PASSWORD RESET

Magazine of Socialist Action in Australia

United Workers Union plan a step in right direction

Reading Time: 3 minutes

In late March, Tim Kennedy, the national secretary of the United Workers Union (UWU), released a document that has stirred up some positive discussion in the trade union movement.

Titled ‘Workers’ plan to survive COVID-19 crisis’, the paper puts forward a number of important demands that the labour movement should enthusiastically take up.

Kennedy outlines the beginnings of a program to lessen the burden on workers during the COVID-19 crisis. The plan opposes jobs losses and calls for tax relief for working people.

Importantly, it also demands rent and mortgage freezes, and an income guarantee. An income guarantee is something that Socialist Action has long called for.

Kennedy’s proposal is that every member of the community should be either guaranteed a job, or receive an income guarantee pegged to the minimum wage.

The paper points towards the need for working class unity, opposing racism and calling for improved rights for migrant workers and refugees. This is important given that more than a million migrant workers are currently not eligible for any government support.

Kennedy puts the issue of public ownership back on the agenda, and says that any industry assistance should come with strict conditions including ‘worker co-determination’ and improved labour and environmental standards.

While the demands are relatively modest in the scheme of things, that the UWU is starting to talk about a working class response to the unfolding economic crisis is to be welcomed.

This is in contrast to the dominant politics in the trade union movement, and the approach of the leaders of the Australian Council of Trade Unions (ACTU).

The ACTU tail-end the pro-capitalist politics of the Labor Party, and the bosses themselves. They see no alternative to the profit-driven system and, at best, only want to fix the worst excesses of capitalism.

This has led them to accept the false idea that if bosses do well a bit more wealth can come through to the workers. They have pushed the idea of struggle into the background in favour of collaboration and partnership with employers.

This was always a fraud and its been proven wrong in practice. Profits have soared in recent decades, and workers wages and conditions have gone backwards. The retreat from class struggle has seen profits flow up, not trickle down. Unions are much weaker as a result.

The logic of accepting capitalism as the only way of doing things means that the leaders of the ACTU see part of their role as helping to save the system. You can see this with their calls for subsidies and bail outs for big corporations.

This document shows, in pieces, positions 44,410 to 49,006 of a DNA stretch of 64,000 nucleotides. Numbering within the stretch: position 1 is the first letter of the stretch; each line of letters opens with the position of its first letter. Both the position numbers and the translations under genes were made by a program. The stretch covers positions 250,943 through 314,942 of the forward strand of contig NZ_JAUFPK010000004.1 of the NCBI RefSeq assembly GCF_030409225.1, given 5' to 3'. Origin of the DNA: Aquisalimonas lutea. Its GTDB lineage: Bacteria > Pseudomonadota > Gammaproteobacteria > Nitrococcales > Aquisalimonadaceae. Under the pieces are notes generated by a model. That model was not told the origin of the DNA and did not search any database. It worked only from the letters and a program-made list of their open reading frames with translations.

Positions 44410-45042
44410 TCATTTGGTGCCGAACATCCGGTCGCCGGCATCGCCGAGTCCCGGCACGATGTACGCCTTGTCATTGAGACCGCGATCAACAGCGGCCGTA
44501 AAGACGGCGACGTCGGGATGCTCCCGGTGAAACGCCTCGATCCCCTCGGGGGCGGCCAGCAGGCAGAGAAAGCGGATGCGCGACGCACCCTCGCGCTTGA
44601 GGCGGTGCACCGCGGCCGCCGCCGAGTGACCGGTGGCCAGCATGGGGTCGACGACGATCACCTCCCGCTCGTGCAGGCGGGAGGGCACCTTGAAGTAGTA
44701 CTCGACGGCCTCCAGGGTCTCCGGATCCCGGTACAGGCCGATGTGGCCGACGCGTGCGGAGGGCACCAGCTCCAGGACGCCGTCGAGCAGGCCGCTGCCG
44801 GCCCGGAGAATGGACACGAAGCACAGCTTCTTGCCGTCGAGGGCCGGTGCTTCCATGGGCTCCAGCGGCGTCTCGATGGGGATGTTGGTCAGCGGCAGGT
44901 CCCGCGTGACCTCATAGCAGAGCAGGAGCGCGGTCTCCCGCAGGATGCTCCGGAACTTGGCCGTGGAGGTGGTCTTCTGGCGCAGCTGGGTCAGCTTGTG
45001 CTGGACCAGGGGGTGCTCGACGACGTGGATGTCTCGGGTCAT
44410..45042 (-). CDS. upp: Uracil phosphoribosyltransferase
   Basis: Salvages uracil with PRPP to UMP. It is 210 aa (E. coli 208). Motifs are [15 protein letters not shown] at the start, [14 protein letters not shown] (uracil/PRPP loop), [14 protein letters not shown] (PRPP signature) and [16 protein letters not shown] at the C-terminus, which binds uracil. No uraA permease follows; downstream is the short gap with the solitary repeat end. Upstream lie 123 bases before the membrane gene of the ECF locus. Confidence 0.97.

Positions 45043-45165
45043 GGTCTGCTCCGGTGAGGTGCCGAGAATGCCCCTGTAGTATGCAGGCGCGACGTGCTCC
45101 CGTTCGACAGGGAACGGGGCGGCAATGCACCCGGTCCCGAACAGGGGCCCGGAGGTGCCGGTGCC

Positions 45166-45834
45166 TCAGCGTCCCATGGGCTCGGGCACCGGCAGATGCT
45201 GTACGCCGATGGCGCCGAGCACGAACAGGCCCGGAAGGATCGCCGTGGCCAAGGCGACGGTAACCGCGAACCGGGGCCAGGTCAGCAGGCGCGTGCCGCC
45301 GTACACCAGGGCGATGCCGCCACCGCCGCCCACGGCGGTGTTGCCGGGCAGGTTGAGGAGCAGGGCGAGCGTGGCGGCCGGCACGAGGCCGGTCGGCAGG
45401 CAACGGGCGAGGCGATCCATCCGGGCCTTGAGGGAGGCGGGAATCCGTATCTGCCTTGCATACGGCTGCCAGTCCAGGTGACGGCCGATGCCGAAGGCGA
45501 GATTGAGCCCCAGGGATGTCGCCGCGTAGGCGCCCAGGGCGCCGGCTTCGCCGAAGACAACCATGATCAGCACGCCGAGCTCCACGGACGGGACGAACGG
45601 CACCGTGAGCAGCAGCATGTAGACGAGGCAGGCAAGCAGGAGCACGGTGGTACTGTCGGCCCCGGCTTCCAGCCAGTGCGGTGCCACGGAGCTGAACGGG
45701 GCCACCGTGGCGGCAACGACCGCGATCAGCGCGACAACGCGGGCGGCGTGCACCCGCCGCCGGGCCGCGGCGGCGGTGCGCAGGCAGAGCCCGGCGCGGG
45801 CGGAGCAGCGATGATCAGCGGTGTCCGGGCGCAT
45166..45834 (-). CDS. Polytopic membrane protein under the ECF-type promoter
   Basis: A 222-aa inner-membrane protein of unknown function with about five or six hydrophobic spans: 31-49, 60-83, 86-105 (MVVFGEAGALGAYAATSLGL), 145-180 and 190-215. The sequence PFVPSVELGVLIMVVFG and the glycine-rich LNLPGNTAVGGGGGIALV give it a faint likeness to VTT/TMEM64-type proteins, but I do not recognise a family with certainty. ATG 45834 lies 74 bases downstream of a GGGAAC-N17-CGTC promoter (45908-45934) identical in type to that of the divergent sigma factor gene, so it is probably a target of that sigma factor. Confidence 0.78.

The good thing about Kennedy’s document is that is begins to depart from this type of approach a bit. It opens up a discussion about who should own key parts of the economy and how work should be organised.

While it needs to go much further, the program can be built upon to develop a real alternative vision for society that puts workers needs and the environment at its centre.

The challenge now is to work out how the demands in this paper can be won. How can wider layers be convinced of the basic ideas, and what type of action is required? The document doesn’t go into this, and unfortunately some of the practice of the UWU is at odds with the ideas in the plan.

For example, the UWU recently agreed to regressive ‘flexibility’ changes being made to the hospitality and restaurant awards. This was a mistake.

The key to making the UWU plan real is to link it with struggle and the day-to-day practice of the union. Workers need to agree with the plan, but also agree that winning requires a collective fight.

Mobilising, and getting even small scale wins, can show that the aims of the plan are legitimate and achievable. While developing ideas is crucial, the real development of a class struggle practice in the unions is just as important.

The UWU’s approach is not perfect, and the plan has some weaknesses, but Kennedy’s contribution should be seen in a positive light. It can help advance the debate about how to return the unions to the traditions of struggle, solidarity and socialism and on that basis its a step in right direction.

Editorial comment from the May-June 2020 issue of The Socialist

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